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  • Is Federal Infrastructure Spending Unconstitutional?

    Is Federal Infrastructure Spending Unconstitutional?0

    • April 3, 2018

    The Tenth Amendment Center—in my opinion, one of the country’s most valuable constitutional websites—has produced a thoughtful video on the constitutionality of federal infrastructure spending. Based mostly on President James Madison’s 1817 veto, on constitutional grounds, of a bill to construct roads and canals, the video concludes that federal infrastructure spending violates the Constitution as that

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  • Congress should approve Trump’s effort to stop funding local transit boondoggles

    Congress should approve Trump’s effort to stop funding local transit boondoggles0

    • May 17, 2017

    by Randal O’Toole President Trump has proposed to stop funding new New Starts projects. New Starts, along with its subsidiary program Small Starts, is a multi-billion-dollar fund created by Congress, and funneled through the Federal Transit Administration (FTA), that gives cities incentives to build the most expensive transit systems possible so they can get “their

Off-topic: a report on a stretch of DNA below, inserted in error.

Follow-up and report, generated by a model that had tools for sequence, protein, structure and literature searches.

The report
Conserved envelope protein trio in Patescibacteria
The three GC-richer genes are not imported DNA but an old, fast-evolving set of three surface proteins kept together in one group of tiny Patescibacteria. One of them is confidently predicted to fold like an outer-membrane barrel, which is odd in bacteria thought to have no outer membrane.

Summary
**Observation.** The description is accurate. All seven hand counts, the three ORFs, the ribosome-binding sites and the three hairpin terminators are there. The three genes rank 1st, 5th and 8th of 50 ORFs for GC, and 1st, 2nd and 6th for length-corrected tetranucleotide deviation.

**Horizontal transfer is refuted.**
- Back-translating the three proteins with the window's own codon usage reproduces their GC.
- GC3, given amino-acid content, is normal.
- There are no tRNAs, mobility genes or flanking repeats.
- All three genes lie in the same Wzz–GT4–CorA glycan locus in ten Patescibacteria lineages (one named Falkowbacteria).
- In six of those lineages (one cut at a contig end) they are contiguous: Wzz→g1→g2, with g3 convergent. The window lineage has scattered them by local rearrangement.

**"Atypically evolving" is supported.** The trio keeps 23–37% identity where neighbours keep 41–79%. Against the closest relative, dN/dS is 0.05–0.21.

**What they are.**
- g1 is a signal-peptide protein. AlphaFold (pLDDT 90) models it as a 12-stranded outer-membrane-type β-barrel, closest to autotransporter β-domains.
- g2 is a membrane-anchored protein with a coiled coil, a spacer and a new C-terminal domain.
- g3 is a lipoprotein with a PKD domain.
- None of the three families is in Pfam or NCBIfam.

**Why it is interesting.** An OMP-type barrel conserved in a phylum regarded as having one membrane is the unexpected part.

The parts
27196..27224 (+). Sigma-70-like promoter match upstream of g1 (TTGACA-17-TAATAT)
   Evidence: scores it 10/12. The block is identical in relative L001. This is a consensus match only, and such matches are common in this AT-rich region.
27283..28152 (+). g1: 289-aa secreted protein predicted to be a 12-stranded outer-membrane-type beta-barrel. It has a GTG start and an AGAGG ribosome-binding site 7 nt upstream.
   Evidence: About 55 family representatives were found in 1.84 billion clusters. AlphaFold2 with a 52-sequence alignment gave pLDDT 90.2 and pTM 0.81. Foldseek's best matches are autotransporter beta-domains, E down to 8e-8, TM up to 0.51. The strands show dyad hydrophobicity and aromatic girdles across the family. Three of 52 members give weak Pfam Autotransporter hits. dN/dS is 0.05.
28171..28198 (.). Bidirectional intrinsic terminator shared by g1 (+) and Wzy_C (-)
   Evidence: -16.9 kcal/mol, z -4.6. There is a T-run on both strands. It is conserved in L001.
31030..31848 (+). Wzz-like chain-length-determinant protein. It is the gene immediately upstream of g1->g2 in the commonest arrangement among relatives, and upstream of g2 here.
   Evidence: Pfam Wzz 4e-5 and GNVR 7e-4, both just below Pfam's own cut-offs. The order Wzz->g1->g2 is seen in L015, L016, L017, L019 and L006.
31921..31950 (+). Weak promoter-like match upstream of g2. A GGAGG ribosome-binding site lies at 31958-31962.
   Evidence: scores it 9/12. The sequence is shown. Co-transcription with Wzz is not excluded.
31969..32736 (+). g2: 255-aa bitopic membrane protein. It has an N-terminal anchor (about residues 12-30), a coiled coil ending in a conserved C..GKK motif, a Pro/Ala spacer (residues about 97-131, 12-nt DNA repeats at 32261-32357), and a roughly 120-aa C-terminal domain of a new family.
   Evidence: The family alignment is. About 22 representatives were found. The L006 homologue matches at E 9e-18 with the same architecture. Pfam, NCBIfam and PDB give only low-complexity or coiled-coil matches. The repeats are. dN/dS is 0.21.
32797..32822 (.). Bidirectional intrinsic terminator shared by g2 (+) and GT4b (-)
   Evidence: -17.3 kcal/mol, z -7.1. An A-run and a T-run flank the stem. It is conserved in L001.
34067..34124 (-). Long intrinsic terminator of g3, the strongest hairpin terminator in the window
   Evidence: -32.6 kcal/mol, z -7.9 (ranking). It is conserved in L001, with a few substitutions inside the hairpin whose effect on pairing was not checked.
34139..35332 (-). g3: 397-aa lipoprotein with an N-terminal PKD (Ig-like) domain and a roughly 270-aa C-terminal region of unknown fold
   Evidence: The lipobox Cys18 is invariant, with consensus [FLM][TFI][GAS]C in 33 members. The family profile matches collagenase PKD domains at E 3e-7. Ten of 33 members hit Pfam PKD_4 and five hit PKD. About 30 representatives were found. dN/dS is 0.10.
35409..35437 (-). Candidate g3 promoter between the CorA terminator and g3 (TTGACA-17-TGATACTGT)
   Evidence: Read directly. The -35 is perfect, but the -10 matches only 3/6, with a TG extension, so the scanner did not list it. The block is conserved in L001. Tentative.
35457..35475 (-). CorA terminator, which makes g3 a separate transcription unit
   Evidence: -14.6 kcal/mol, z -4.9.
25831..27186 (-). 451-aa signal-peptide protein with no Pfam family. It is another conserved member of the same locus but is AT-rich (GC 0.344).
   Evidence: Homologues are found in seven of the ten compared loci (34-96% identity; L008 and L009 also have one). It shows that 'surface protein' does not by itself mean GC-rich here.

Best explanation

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  • How Congress can avoid the “transportation cliff”0

    • June 3, 2014

    President Obama’s recent visit to the Tappan Zee Bridge in New York was intended to push Congress to approve billions of dollars in infrastructure spending increases. But throwing more money at transit just puts more cash into the hands of government contractors, while doing little for commuters. The federal Highway Trust Fund is expected to

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  • LaHood’s Cost-Effectiveness Rule0

    • February 1, 2013

    It was with some trepidation that the Antiplanner finally took the time to carefully read the Department of Transportation’s final rules for major transit capital grants. Long-time readers may recall that the Antiplanner is concerned about the cost-effectiveness of these grants, and urged the Department to strengthen those requirements–without much hope that the Obama administration […]

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  • LaHood’s Legacy0

    • January 31, 2013

    As the Antiplanner noted yesterday, Ray LaHood’s lasting legacy as Secretary of Immobility is the loosening of requirements for major transit capital grants in new rules issued a few weeks ago. This is most important for streetcar fans, since the Bush-era rules pretty much predetermined that streetcars were not a cost-effective use of federal transportation […]

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  • Goodbye Ray LaHood0

    • January 30, 2013

    Secretary of Immobility Ray LaHood has announced his intention to leave office as soon as a replacement can be found. Aside from an admirable emphasis on safety, LaHood’s main legacy will be a weakening of the cost-effectiveness requirements for transit grants so that, now, the most ridiculously expensive transit projects can get federal funding. As […]

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